New FDA Actions: Gilead Sciences, Inc's Truvada

Pharmacy TimesDecember 2012 Heart Health
Volume 78
Issue 12

Truvada (emtricitabine/tenofovir disoproxil fumarate) was approved for prophylaxis to reduce the risk of HIV-1 infection in adults.

Truvada (emtricitabine/tenofovir disoproxil fumarate) was approved for prophylaxis to reduce the risk of HIV-1 infection in adults.

The FDA approved Gilead Sciences, Inc’s Truvada (emtricitabine 200 mg/tenofovir disoproxil fumarate 300 mg) in combination with safer sex practices for pre-exposure prophylaxis (PrEP) to reduce the risk of sexually acquired HIV-1 in adults at high risk.

High-risk patients include those with a partner known to be infected with HIV-1 or those who engage in sexual activity within an area of high HIV-1 prevalence and have 1 or more of following characteristics: inconsistent or nonexistent condom use, diagnosis of sexually transmitted infections, exchange of sex for commodities (such as money, food, shelter, or drugs), use of illicit drugs or alcohol dependence, incarceration, or partner(s) of unknown HIV-1 status with any of the previous risk factors.1

In 2004, Truvada was approved for treatment of HIV-1 infection in combination with other antiretroviral agents in patients 12 years and older. It is the first agent to be approved for PrEP.2,3

Pharmacology and Pharmacokinetics

Emtricitabine and tenofovir are nucleoside analogue HIV-1 reverse transcriptase inhibitors. Race did not affect the pharmacokinetics of emtricitabine. Data are insufficient to determine impact of race on the pharmacokinetics of tenofovir disoproxil fumarate. Gender does not affect the pharmacokinetics of Truvada. Truvada should not be used in patients younger than 12 years or weighing less than 35 kg. The pharmacokinetics of patients older than 65 years has not been fully evaluated.1

Dosage and Administration

When given to HIV-1 uninfected adults for the indication of PrEP, Truvada should be dosed as 1 tablet orally each day taken with or without food. Truvada should not be used in uninfected HIV-1 patients with a creatinine clearance (CrCl) below 60 mL/min. If CrCl decreases during treatment, potential causes should be evaluated and the risks and benefits of continued use should be reassessed.1

Clinical Trials

The safety and efficacy of Truvada for PrEP was evaluated in 2 randomized, double-blind, placebo-controlled trials. The iPrEx trial evaluated Truvada in 2499 HIVnegative men or transgender women who had sex with men and evidence of other high-risk behavior. Compared with placebo, the study found that Truvada reduced the risk of HIV infection by 42% and that efficacy was strongly correlated to medication adherence.

The Partners PrEP trial evaluated 4758 heterosexual couples where one partner was HIV infected and the other was not. The study found Truvada reduced the risk of infection by 75% compared with placebo.3

Contraindications, Warnings, and Precautions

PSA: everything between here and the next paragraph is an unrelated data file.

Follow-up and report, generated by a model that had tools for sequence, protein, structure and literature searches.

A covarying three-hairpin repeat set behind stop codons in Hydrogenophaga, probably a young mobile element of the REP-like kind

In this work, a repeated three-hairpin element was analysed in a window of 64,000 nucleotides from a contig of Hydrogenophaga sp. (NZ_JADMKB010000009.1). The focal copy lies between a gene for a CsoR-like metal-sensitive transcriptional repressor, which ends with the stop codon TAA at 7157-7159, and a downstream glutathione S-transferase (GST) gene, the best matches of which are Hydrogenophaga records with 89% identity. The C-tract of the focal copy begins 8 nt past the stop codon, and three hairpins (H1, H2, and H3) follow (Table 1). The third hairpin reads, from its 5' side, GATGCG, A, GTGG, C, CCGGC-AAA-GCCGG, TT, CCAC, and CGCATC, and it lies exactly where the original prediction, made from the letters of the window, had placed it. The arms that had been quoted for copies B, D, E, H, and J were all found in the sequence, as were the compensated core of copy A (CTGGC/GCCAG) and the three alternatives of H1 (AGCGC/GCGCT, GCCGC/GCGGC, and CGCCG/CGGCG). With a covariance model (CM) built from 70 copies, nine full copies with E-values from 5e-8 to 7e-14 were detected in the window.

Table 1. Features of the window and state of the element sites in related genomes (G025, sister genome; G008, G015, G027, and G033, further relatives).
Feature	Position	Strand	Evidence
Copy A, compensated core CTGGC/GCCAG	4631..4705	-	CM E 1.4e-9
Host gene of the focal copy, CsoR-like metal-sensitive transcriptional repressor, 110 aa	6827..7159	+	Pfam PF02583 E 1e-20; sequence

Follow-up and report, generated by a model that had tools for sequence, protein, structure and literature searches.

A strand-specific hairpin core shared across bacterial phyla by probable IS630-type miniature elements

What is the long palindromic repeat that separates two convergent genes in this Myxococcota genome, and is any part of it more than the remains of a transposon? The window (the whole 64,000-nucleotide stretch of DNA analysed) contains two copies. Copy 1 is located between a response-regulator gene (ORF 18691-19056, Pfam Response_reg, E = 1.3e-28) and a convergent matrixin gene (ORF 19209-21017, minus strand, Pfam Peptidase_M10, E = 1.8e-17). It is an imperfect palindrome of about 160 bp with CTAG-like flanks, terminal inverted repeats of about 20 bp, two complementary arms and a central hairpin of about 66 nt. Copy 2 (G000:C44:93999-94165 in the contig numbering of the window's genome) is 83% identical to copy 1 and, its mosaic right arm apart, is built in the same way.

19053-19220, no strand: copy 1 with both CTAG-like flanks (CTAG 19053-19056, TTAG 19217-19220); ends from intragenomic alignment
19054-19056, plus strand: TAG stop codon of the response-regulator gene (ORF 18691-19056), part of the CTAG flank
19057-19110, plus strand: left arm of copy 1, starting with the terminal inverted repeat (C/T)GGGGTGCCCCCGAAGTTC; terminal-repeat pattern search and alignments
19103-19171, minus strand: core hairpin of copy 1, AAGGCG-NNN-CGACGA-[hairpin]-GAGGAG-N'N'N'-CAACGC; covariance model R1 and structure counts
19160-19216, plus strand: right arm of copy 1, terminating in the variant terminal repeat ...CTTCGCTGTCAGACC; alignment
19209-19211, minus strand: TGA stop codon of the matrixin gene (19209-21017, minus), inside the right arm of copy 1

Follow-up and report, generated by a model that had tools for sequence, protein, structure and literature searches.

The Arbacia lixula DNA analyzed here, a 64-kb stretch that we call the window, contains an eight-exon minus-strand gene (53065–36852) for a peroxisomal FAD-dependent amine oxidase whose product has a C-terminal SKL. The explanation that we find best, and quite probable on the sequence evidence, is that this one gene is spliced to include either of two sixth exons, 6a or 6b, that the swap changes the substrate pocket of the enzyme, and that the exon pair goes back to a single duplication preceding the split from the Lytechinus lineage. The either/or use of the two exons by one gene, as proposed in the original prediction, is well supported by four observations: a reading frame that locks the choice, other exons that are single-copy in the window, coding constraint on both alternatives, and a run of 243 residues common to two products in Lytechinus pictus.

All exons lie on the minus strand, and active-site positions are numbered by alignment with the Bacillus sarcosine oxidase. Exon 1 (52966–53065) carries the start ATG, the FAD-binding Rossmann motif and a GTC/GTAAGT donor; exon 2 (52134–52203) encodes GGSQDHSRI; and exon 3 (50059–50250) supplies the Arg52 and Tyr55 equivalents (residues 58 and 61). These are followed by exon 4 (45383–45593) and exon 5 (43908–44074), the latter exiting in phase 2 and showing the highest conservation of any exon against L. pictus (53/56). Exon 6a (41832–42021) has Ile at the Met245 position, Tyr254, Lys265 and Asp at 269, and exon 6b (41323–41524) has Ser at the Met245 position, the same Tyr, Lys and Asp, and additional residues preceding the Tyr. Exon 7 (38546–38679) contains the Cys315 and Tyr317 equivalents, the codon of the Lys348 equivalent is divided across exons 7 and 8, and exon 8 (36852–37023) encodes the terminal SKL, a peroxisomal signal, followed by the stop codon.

Truvada carries the following boxed warning:

  • Lactic acidosis and severe hepatomegaly with steatosis, including fatal cases, have been reported during treatment with nucleoside analogues, including tenofovir.
  • Truvada is not approved for the treatment of chronic hepatitis B virus (HBV) infection. Severe acute exacerbations of HBV have been reported in patients with both HIV-1 and HBV who have discontinued Truvada. Hepatic function should be closely monitored in these patients, and in some cases, anti—hepatitis B treatment may be necessary.
  • When used for PrEP, Truvada must be prescribed only to patients who are confirmed to be HIV-negative immediately prior to initiation of treatment and periodically throughout its use. If signs or symptoms of HIV-1 infection are present, treatment with Truvada should not be initiated until negative infection status is obtained.

The use of Truvada for PrEP is contraindicated in patients with an unknown or positive HIV-1 status. When used in HIV-infected patients, Truvada should only be used in combination with other antiretroviral agents.

New onset or worsening renal failure has been reported. Do not use Truvada with other agents that contain either emtricitabine or tenofovir. Bone mineral density should be monitored. Body fat may accumulate or be redistributed during treatment with Truvada. Immune reconstitution syndrome has been reported. When used for PrEP, Truvada should be used as only part of a comprehensive strategy that includes other prevention methods, such as safer sex practices, as Truvada alone is not always effective in preventing HIV-1 infection. All uninfected patients should be counseled regarding strict adherence to Truvada therapy.

Dr. Holmberg earned her PharmD from the University of Connecticut and completed an ambulatory care residency at the Phoenix VA Healthcare System. Her practice has also included pediatrics and inpatient mental health. She resides in Phoenix, Arizona.


  • Truvada complete prescribing information. Accessed October 2012.
  • US Food and Drug Administration approves Gilead’s Truvada for reducing risk of acquiring HIV. Accessed October 2012.
  • FDA approves first drug for reducing the risk of sexually acquired HIV infection. Accessed October 2012.

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